My old pastry brushes were the typical 2-pack grocery store isle type. They never lasted long and so were not, in my opinion, the value they were cracked up to be. There is also a silicone brush in our kitchen. However, I do not care for the silicone brush, as the butter does not tend to adhere to it very well and it’s texture is course on pastries.
My new Jamie Oliver pastry brush, however, is a dream. It seems to be holding up quite well and I love the round shape of it compared to the flat, paint-brush styles. It is easy to poke into nooks and crannies. The handle is comfortable and it is just nice to use as it glides across surfaces so easily.
Having the right tools in the kitchen is a must. Quality tools will most likely last longer saving money down the road. They will not only make the task easier, but also make the kitchen experience more pleasant. Happy cooking!
If you love to cook like I do, you may find yourself inundated with recipes. This overload of recipes can leave one unorganized and therefore, unproductive. Do not despair, there is hope.
I used to subscribe to a number of magazines which were loaded with recipes of delicious looking meals, tasty looking snacks, and tempting, mouth watering desserts. Of course, I had to cut out all the recipes that I was sure to make some day in the near future. These recipes were then placed in a nice, neat stack on the cookbook shelf.
Unfortunately, most of the time, these recipes never got made. My recipe stack accumulated into a pile and then an overflowing mound. The recipes I had actually made were put into a file folder that became so full I could not find the recipe I wanted without going through the whole folder several times. Same thing with my recipe card box. I knew the recipe was in there somewhere. At times, I even had my children help in the search for a beloved recipe. I did have some of my recipes organized in binders with clear sleeves. However, they too were not in a particularly great order. It was time to face the fact, I had become a recipe hoarder!
What I have learned from my recipe hoarding days is… You do not need fifty recipes for cheesecake. Some recipes do not look as appealing over time, aka..why did I save this recipe? While some recipes look good, I will probably never make them anyway…they take too long…the ingredients are crazy…no one else in the family would eat it, and so on. My family really only wants the “go to” recipe for their favorite dish anyway. Family favorites can never be replaced.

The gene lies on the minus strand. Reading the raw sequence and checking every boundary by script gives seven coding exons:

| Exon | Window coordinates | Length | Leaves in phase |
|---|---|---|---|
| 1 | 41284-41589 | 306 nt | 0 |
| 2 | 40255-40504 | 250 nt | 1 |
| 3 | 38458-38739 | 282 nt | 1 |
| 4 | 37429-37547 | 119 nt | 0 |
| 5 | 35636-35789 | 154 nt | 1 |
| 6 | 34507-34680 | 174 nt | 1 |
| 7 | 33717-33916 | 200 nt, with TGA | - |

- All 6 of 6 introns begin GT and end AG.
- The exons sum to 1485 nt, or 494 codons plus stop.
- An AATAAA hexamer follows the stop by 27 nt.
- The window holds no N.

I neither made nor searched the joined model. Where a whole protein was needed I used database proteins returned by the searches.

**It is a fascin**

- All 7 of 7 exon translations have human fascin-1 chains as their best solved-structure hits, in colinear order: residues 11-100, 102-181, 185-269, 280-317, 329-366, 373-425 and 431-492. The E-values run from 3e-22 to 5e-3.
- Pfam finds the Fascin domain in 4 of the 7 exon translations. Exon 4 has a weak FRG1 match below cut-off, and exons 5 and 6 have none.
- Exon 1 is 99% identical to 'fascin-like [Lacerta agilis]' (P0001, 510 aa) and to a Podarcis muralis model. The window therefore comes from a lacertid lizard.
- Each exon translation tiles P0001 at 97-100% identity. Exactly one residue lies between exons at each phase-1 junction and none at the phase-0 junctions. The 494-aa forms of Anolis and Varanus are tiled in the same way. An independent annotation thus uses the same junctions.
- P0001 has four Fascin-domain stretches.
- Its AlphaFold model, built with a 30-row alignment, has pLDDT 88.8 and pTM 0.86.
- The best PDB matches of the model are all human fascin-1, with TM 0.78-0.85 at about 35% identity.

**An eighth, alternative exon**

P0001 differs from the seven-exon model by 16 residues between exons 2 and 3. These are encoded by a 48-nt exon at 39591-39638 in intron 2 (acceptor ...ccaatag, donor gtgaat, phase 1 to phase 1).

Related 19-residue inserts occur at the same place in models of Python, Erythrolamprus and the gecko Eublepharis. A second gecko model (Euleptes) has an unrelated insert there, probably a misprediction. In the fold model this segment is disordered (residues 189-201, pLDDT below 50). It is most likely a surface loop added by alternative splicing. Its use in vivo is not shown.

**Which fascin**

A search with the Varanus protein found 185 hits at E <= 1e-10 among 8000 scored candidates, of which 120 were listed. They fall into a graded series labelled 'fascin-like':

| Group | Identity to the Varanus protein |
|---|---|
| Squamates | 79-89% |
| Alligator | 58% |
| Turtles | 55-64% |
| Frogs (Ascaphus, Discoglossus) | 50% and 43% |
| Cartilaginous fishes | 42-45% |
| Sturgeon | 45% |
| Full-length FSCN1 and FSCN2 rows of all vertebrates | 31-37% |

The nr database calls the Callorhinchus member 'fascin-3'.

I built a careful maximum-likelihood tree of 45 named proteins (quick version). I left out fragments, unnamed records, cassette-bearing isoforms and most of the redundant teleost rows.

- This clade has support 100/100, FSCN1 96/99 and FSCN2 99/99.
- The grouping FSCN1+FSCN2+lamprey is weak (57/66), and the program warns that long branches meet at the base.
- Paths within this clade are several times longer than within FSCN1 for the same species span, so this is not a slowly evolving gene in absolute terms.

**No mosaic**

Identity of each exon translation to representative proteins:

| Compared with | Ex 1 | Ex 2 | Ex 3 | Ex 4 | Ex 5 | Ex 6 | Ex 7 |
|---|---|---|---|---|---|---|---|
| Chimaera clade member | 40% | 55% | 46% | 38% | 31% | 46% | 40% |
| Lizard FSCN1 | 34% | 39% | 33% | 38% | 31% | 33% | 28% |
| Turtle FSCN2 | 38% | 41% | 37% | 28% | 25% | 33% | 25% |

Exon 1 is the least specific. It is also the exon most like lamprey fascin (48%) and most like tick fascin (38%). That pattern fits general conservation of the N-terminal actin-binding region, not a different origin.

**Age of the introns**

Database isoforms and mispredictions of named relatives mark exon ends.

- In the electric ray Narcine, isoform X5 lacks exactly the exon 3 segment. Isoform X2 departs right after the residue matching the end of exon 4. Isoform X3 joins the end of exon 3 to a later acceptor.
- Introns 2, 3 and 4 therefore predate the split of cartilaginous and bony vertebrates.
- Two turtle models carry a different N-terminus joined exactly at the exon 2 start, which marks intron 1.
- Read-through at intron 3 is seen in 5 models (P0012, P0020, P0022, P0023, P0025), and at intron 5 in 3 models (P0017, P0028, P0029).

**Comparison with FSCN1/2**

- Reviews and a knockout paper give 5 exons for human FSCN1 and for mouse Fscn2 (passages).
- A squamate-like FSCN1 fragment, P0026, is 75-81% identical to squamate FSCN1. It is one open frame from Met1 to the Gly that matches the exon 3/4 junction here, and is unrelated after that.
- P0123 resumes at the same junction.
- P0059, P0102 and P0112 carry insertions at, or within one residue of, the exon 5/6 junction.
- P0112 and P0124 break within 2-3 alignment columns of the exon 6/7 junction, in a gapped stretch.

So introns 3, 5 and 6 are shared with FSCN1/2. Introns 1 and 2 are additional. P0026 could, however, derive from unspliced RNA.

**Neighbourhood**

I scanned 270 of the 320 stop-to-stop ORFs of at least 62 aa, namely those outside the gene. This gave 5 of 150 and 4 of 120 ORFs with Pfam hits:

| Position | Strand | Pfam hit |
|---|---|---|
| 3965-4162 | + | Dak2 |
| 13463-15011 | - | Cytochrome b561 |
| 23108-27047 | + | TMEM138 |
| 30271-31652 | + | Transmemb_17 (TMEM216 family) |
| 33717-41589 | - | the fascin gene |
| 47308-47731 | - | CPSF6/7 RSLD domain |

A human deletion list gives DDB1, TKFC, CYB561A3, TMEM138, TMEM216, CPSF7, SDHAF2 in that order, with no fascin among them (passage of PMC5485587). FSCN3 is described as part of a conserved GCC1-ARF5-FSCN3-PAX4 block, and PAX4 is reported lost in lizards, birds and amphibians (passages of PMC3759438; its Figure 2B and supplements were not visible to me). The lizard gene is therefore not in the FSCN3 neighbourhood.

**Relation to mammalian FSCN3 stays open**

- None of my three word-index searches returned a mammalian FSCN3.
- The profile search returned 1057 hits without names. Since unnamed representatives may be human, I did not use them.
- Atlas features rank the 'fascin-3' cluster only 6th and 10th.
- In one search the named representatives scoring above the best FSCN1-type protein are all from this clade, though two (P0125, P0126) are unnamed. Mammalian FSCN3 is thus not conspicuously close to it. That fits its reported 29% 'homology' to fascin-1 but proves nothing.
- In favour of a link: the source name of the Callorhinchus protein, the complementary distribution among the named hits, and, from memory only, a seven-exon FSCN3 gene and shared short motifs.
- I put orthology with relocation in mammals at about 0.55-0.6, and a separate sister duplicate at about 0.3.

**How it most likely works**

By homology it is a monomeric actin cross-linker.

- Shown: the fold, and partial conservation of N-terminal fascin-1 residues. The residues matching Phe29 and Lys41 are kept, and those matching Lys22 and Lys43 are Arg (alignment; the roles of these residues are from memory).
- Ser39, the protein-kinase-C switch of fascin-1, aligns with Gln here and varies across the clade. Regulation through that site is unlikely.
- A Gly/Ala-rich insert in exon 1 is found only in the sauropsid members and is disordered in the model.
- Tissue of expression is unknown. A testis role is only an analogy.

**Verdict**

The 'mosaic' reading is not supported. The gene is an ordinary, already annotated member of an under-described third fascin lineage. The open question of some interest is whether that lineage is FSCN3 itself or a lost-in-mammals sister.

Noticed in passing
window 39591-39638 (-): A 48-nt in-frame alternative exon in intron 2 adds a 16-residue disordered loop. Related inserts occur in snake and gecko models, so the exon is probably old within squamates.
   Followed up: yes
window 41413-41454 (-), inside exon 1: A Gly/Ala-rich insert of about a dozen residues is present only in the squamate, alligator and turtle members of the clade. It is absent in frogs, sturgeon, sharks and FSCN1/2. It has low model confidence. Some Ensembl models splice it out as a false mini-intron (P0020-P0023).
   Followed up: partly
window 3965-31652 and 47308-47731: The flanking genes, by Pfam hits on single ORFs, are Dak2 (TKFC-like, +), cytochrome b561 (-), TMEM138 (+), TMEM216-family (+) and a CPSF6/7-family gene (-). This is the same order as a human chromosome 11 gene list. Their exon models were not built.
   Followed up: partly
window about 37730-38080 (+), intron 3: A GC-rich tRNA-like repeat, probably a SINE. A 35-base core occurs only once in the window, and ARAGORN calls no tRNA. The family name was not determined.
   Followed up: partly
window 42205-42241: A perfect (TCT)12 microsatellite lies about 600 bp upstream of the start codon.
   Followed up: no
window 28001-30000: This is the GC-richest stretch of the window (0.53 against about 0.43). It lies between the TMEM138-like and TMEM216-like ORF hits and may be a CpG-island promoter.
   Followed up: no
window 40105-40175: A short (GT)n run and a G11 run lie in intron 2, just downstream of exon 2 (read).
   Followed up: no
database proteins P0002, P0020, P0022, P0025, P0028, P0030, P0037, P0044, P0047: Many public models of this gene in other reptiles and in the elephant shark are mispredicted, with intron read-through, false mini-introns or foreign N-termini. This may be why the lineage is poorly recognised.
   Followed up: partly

I write notes on my recipes after making them. So I might write “the best”, “yum”, “so and so likes”, “ok- but needs more seasoning”, “fast and easy”, “good but takes time”, and so on. If the recipe did not get a good review, it went into the recycle bin. No need to file that one away. Some of the recipes I hoarded were honestly never going to get made anyway so into the recycle bin they went. My pile was slowly getting smaller.
I decided to keep my binder method for storing recipes. This time, however, I made separate binders for different categories so finding a recipe would be easier. So, a binder for desserts, breads, sides and appetizers, cookies, entrees, etc… Then each recipe was put into a clear sleeve and put inside the binder in more specific sections divided by page dividers. For example, the entrees binder was divided into chicken, beef, pork/ham, turkey, and seafood. Then, using the computer, I made an index for each binder. In this way I know what is in each binder and in which section the recipe can be found.
I also did away with my recipe card box. Some of the cards were written on both sides. I took these and copied them onto one sheet of paper using my printer. They were now easy to slide into a sleeve and put into the proper binder.
I have decided I will never again need a magazine subscription for recipes. My cookbook shelves are now organized and I am no longer stressed out because I cannot locate a desired recipe. After all the work I did to get my recipes super organized, I can honestly say my hoarding days are over. Lesson learned.